Mini brain organoids grown in lab mature much like infant brains
2021-02-22
A new study from UCLA and Stanford University researchers finds that three-dimensional human stem cell-derived 'mini brain' organoids can mature in a manner that is strikingly similar to human brain development. For the new study, published in Nature Neuroscience February 22, senior authors Dr. Daniel Geschwind of UCLA and Dr. Sergiu Pasca of Stanford University conducted extensive genetic analysis of organoids that had been grown for up to 20 months in a lab dish. They found that these 3D organoids follow an internal clock that guides their maturation in sync with the timeline of human development. "This is novel -- Until now, nobody has grown and characterized these organoids for this amount of time, nor shown they will recapitulate human brain development in a laboratory environment ...

New dating techniques reveal Australia's oldest known rock painting, and it's a kangaroo

2021-02-22
A two-metre-long painting of a kangaroo in Western Australia's Kimberley region has been identified as Australia's oldest intact rock painting. Using the radiocarbon dating of 27 mud wasp nests, collected from over and under 16 similar paintings, a University of Melbourne collaboration has put the painting at 17,500 and 17,100 years old. "This makes the painting Australia's oldest known in-situ painting," said Postdoctoral Researcher Dr Damien Finch who pioneered the exciting new radiocarbon technique. "This is a significant find as through these initial estimates, we can understand something of the ...

Association of timing of school closings, behavioral changes with evolution of COVID-19 pandemic in US

2021-02-22
What The Study Did: Using COVID-19 data, this observational study looked at what are the independent associations of voluntary behavioral change and legal restrictions, such as state-mandated school closings, with the subsequent spread of the COVID-19 pandemic in the U.S. Authors: Frederick J. Zimmerman, Ph.D., of the Fielding School of Public Health at UCLA in Los Angeles, is the corresponding author. To access the embargoed study: Visit our For The Media website at this link https://media.jamanetwork.com/ (doi:10.1001/jamapediatrics.2020.6371) Editor's Note: The article includes ...

Scientists link star-shredding event to origins of universe's highest-energy particles

2021-02-22
A team of scientists has detected the presence of a high-energy neutrino--a particularly elusive particle--in the wake of a star's destruction as it is consumed by a black hole. This discovery, reported in the journal Nature Astronomy, sheds new light on the origins of Ultrahigh Energy Cosmic Rays--the highest energy particles in the Universe. The work, which included researchers from more than two dozen institutions, including New York University and Germany's DESY research center, focused on neutrinos--subatomic particles that are produced on Earth only in powerful ...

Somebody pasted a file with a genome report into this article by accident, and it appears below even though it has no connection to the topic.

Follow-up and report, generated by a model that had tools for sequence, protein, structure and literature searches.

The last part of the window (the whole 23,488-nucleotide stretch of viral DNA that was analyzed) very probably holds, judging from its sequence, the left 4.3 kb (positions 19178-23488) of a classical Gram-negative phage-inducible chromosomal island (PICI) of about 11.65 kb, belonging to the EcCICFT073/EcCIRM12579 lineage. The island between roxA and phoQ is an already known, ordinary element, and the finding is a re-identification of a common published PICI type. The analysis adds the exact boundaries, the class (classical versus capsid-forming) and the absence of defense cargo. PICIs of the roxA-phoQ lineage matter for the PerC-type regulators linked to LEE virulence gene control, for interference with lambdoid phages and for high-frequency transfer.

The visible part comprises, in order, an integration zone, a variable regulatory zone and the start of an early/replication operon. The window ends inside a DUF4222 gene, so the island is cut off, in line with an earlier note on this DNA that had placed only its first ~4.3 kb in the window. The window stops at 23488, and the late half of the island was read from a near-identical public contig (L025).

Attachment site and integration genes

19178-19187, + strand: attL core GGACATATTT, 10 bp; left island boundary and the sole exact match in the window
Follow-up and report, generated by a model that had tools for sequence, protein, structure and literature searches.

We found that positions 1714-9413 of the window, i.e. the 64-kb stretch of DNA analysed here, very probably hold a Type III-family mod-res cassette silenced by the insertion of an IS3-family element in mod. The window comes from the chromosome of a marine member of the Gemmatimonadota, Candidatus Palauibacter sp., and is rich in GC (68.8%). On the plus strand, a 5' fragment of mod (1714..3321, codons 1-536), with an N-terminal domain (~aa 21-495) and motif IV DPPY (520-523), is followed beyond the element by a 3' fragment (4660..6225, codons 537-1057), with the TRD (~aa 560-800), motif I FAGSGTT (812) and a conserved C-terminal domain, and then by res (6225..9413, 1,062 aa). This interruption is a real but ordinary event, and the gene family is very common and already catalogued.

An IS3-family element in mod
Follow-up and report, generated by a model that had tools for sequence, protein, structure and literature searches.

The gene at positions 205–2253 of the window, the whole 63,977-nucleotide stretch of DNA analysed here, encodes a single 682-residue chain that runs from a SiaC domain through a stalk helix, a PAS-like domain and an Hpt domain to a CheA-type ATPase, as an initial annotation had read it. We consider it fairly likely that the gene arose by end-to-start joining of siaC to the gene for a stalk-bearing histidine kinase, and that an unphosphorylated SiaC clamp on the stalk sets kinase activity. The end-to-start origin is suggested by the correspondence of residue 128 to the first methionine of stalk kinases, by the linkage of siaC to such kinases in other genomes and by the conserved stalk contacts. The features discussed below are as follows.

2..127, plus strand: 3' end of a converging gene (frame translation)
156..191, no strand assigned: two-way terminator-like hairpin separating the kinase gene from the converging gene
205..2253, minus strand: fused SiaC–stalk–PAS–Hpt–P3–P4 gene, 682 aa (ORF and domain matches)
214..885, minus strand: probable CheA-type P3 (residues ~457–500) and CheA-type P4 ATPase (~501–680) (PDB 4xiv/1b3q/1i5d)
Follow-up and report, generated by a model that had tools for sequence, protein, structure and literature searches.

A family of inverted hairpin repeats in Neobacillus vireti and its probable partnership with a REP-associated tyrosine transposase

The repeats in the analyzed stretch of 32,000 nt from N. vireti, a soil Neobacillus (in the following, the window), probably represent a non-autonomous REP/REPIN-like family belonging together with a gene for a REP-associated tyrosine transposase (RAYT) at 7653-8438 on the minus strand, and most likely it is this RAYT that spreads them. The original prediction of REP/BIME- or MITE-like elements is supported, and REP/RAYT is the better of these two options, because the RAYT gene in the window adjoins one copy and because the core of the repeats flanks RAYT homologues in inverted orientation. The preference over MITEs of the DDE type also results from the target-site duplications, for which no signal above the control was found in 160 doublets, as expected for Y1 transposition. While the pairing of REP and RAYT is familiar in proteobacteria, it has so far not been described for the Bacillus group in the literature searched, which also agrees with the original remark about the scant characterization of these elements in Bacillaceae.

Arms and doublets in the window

Trauma admissions during COVID-19 pandemic in LA county

2021-02-22
What The Study Did: Researchers examined changes in trauma admissions throughout Los Angeles County during the COVID-19 pandemic in California. Authors: Kazuhide Matsushima, M.D., of the University of Southern California in Los Angeles, is the corresponding author. To access the embargoed study: Visit our For The Media website at this link https://media.jamanetwork.com/ (doi:10.1001/jamanetworkopen.2021.1320) Editor's Note: The article includes funding/support disclosures. Please see the article for additional information, including other authors, author contributions and affiliations, conflict of interest and financial disclosures, ...

New technique reveals switches in RNA

New technique reveals switches in RNA
2021-02-22
Scientists at the University of Groningen (The Netherlands), in collaboration with colleagues from the University of Torino (Italy), have developed a method to visualize and quantify alternative structures of RNA molecules. These alternative RNA 'shapes' can have important functional relevance in viruses and bacteria. The researchers used an algorithm to rapidly analyse large quantities of chemically modified RNA molecules and calculate how many differently folded conformations were present. This technique was used to identify a conserved structural switch in the ...

Patient page: Teen vaping

2021-02-22
What The Article Says: How parents can identify whether their teens are vaping, how to help prevent it, and what to do if their teen is addicted are discussed in this JAMA Pediatrics Patient Page. To access the embargoed study: Visit our For The Media website at this link https://media.jamanetwork.com/ (doi:10.1001/jamapediatrics.2020.6689) Editor's Note: Please see the article for additional information, including other authors, author contributions and affiliations, conflict of interest and financial disclosures, and funding and support. INFORMATION: Media advisory: The full article is linked to this news release. Embed this link to provide your readers free access to the full-text article This link will be live at the embargo time https://jamanetwork.com/journals/jamapediatrics/fullarticle/10.1001/jamapediatrics.2020.6689?guestAccessKey=8fe3a04c-4e0a-40f3-a883-916eaadb05bb&utm_source=For_The_Media&utm_medium=referral&utm_campaign=ftm_links&utm_content=tfl&utm_term=022221 ...